By Ikechukwu Okaforadi
The vice presidential candidate of the Peoples Democratic Party in the February general elections, Peter Obi, has asked the Minister of Labour and Employment, Chris Ngige, to focus on how to make Nigeria work rather than trying to diminish the reputation he built over eight years as Anambra Governor.
In a statement issued by his Media Adviser, Valentine Obienyem, Obi said Ngige’s achievement as the governor of Anambra State was too little to erase his (Obi’s) achievements and reputation before the people of Anambra State who he served for eight years.
He asked Ngige to avoid dissipating energy on how to pull him down.
The PDP VP candidate was reacting to a newspaper publication credited to Ngige wherein the minister allegedly said he was ashamed of the quality of roads constructed by his successors, including Obi.
Obi in the statement wondered why Ngige loved attacking him, stating that he had hardly made any bad comments against Ngige even in the heat of electioneering.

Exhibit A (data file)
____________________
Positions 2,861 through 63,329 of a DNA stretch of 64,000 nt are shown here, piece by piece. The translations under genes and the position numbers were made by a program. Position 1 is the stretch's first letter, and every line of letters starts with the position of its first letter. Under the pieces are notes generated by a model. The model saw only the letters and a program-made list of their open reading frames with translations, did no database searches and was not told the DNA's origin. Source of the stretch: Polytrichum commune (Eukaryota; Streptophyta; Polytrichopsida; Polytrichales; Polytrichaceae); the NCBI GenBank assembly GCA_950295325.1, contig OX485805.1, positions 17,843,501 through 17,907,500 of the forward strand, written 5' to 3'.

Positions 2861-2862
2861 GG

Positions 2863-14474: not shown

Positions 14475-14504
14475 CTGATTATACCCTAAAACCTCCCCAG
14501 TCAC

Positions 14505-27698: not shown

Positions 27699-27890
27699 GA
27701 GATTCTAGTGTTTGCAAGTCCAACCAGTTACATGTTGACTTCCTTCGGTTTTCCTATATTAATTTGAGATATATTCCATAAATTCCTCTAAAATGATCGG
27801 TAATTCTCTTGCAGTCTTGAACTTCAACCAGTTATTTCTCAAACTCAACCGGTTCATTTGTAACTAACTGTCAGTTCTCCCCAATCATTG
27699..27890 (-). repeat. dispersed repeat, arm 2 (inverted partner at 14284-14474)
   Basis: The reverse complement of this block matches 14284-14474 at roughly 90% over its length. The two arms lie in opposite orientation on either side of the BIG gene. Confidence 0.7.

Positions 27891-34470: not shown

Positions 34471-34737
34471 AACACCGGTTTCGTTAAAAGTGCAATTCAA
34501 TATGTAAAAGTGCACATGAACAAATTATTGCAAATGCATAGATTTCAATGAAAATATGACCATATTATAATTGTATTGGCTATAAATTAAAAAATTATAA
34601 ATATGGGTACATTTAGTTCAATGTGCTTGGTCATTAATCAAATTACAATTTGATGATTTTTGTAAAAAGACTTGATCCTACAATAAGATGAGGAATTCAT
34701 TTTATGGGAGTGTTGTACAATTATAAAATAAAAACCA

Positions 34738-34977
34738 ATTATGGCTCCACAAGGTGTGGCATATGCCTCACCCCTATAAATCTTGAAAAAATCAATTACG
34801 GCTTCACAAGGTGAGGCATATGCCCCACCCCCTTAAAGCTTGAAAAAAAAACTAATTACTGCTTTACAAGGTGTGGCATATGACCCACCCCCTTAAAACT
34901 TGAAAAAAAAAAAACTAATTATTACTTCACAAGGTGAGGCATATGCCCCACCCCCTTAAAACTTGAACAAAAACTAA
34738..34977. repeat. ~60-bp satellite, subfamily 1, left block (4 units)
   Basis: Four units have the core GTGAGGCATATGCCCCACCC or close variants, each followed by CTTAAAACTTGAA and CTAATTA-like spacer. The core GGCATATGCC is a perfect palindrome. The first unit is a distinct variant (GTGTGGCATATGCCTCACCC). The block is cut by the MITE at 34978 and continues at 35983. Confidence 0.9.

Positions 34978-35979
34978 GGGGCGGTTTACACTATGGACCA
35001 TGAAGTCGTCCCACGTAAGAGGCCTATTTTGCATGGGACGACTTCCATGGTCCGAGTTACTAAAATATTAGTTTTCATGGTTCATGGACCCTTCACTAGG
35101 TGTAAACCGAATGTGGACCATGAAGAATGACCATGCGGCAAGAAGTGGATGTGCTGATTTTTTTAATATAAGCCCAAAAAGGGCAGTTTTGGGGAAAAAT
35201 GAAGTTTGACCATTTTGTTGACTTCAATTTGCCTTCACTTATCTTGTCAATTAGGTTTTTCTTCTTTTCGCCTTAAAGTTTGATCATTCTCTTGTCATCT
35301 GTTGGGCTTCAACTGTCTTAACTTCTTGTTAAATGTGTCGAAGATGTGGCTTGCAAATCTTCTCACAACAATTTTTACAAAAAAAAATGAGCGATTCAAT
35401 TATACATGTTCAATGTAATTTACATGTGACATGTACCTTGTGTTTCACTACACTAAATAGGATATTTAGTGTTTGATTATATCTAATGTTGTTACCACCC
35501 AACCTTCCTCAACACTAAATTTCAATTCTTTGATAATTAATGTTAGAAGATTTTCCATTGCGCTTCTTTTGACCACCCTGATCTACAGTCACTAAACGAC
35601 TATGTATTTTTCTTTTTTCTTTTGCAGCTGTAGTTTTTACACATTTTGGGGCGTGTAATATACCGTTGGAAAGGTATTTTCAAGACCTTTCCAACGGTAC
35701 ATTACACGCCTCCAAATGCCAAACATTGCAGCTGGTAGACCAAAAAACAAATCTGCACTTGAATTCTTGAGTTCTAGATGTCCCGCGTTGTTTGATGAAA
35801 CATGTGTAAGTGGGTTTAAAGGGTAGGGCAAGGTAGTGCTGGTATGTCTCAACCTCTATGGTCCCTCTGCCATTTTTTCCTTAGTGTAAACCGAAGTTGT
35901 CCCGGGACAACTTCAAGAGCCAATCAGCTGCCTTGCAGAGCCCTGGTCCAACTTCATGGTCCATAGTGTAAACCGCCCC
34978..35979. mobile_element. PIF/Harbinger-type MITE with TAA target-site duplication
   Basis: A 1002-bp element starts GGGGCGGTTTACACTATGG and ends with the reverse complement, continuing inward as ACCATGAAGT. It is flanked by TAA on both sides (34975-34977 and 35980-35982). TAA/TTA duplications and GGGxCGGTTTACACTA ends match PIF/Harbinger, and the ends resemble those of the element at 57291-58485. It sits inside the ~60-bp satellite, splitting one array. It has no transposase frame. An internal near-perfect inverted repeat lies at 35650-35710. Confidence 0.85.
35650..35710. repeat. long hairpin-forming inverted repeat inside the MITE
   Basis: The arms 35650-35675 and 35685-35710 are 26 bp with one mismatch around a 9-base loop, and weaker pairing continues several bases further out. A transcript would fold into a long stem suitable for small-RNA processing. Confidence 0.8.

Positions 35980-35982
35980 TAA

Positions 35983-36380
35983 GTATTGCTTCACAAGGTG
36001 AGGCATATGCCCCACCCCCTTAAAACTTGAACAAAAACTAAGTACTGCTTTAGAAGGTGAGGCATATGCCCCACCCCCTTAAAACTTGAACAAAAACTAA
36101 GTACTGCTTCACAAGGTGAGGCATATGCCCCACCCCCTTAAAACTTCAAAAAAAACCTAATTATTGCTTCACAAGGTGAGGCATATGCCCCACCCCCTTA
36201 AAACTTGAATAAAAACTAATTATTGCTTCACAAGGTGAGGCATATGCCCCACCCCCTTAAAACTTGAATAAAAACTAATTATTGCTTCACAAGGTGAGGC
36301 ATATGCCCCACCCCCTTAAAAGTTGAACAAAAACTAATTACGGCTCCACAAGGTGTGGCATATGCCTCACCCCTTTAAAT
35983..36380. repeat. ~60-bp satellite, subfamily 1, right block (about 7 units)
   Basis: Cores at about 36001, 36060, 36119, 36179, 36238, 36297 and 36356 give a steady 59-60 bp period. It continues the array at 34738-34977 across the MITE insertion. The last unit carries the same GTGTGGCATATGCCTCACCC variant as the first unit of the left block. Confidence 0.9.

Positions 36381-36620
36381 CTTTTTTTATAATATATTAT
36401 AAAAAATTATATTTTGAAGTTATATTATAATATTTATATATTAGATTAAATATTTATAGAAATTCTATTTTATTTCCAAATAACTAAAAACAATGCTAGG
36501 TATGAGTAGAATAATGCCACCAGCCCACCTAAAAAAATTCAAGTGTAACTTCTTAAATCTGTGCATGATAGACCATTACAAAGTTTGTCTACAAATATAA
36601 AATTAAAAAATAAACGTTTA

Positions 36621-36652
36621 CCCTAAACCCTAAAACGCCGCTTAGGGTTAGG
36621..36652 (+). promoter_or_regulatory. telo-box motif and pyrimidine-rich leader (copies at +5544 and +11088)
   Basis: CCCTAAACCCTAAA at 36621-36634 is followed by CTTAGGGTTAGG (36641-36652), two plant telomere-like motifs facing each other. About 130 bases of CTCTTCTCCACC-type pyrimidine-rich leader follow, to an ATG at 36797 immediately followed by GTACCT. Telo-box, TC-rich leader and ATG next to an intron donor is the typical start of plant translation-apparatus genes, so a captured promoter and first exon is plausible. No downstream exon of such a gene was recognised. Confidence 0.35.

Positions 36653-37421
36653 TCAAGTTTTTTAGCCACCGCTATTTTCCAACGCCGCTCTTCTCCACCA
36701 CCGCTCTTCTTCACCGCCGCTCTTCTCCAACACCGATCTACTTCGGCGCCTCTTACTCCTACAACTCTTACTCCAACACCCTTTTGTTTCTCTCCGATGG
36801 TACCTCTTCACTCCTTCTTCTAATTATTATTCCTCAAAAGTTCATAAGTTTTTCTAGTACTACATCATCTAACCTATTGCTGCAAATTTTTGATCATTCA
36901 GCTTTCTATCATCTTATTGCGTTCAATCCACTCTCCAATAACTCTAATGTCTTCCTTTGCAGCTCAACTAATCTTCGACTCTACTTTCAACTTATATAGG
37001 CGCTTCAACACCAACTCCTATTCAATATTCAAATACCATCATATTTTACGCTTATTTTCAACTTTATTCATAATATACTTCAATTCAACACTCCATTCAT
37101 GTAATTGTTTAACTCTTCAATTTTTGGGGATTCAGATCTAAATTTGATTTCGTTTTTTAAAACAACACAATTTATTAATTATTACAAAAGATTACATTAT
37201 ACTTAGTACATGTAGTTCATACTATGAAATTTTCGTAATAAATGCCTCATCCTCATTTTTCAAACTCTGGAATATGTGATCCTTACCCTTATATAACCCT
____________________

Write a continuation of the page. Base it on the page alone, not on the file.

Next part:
“What is most condemnable in Ngige’s attacks are the lies he tells just to bring Obi down. How could he mention roads such as Abatete-Nteje-Aguleri-Otuocha road and Igboukwu-Ezenifite-Umunze, Iseeke roads and deliberately forgot that Obi did greater portions of those roads?”
“Over 90 per cent of the roads, Ngige mentioned he built were done in his Local Government Area.
The statement said though Obi used local contractors to build roads during his reign as governor, major road contracts in the state were done by expatriates at the time.
“Knowing the importance of road maintenance, shortly before he left, Obi set up the Anambra State Road Maintenance Agency with full compliments of brand new equipment. He also left over N4bn in the Ministry of Works for road maintenance before he handed over”, the statement said.
He asked Ngige to stop comparing his tenure as Anambra State and that of Obi because he achieved little or nothing in his 33-month reign as governor of the state before a Court of Appeal, Enugu Division nullified his election in 2006.